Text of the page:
Ambiguity, Even at a Law Library

How important are institutions like DPLA and HathiTrust in the struggle to transfer the benefits of fair use to digital libraries?

As many others have cited, unless institutions (such as DPLA and HathiTrust) stand up and push the boundaries for what is currently accepted under copyright laws, there will not be any progress.  Dealing with electronic and digital texts is a whole new terrain that users are still navigating (and that publishers are capitalizing on.)  Case in point: last summer I interned at the Minnesota State Library.  One of my jobs was working with one of the Librarians to help circulate relevant online journal articles, case publications, and annotated bibliographies of books. 

The Librarian, who has been at the Law Library for his entire 30 year career, was still unsure about the restriction of sending out materials electronically to interested parties from the publications; even though the MN State Judicial System was a subscriber to all the materials.  He operated under the assumption that was in place when he received the materials in hard-copy, that if you put a “stamp” saying that the materials are protected by copyright law that you are able to distribute them to any interested member of the staff.  We had numerous discussions about whether or not this was the ethical way to proceed because there are so many ways of interpreting the current laws.

 If a career law librarian is unsure about the protocols and procedures for distributing materials (to staff of a subscribing institution no less!)  it is not hard to imagine an assistant English professor (to borrow Stevie’s example) at a University having doubts about what is protected by copyright laws.  We need organizations fighting for fair use for digital works, because ultimately they will help give voice to those people who will benefit the most.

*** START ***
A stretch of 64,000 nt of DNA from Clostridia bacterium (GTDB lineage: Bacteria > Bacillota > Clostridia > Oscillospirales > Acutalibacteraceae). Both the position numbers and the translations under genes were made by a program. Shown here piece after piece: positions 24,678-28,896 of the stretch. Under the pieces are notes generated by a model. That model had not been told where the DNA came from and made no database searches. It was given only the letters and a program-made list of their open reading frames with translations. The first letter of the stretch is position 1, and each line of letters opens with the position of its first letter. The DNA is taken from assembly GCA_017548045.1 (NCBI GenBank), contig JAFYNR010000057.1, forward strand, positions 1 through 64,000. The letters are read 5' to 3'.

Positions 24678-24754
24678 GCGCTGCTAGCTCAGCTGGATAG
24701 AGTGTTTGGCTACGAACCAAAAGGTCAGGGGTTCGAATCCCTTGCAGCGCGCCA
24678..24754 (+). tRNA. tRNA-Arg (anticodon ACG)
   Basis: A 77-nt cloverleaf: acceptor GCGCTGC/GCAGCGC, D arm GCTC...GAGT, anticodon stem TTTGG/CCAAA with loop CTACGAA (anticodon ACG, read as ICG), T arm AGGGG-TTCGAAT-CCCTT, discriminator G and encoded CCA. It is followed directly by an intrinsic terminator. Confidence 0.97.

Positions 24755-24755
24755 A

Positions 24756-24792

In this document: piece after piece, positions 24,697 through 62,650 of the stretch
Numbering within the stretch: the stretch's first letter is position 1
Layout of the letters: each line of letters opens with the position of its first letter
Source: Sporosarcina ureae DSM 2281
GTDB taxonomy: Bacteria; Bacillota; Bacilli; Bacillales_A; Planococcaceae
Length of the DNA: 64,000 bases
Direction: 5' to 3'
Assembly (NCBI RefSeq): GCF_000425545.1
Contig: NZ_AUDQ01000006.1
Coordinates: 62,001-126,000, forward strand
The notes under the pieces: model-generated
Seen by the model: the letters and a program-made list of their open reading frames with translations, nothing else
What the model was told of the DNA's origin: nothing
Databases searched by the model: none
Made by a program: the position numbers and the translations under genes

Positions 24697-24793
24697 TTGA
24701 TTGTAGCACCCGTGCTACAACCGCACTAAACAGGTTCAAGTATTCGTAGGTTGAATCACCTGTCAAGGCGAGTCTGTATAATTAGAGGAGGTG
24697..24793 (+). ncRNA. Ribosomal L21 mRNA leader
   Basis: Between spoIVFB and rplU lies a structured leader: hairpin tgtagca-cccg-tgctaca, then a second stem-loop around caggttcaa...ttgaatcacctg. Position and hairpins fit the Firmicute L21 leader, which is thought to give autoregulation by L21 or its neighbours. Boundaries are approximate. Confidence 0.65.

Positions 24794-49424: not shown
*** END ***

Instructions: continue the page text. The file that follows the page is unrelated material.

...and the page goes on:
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4 responses to “Ambiguity, Even at a Law Library

  1. I used to do the same thing at Epic. I would send interesting articles to teams that I thought might appreciate the content. Now that I’m older and wiser, I see that I was just violating copyright law on a weekly basis…

  2. Copyright and Fair Use are really complex issues and, while deemed important by many (dare I say all?) librarians, the intricacies can be off putting. One thing I hope to see come out of the work of organizations like the DPLA is information that clarifies the process of negotiation and litigation, as well as provides guidelines as to how libraries can proceed in cases and situations where copyright law unfairly encroaches on information access.

  3. I really like your point about how someone else will be able to understand the laws when a law librarian seems confused and it is really interesting that even a law librarian is confused by the interpretation of the laws regarding copyright. I also really agree with drummergirl40, that hopefully the litigation process and how to proceed with will eventually have guidelines and helpful tips to ensure that your patrons are getting the best access from the contract.

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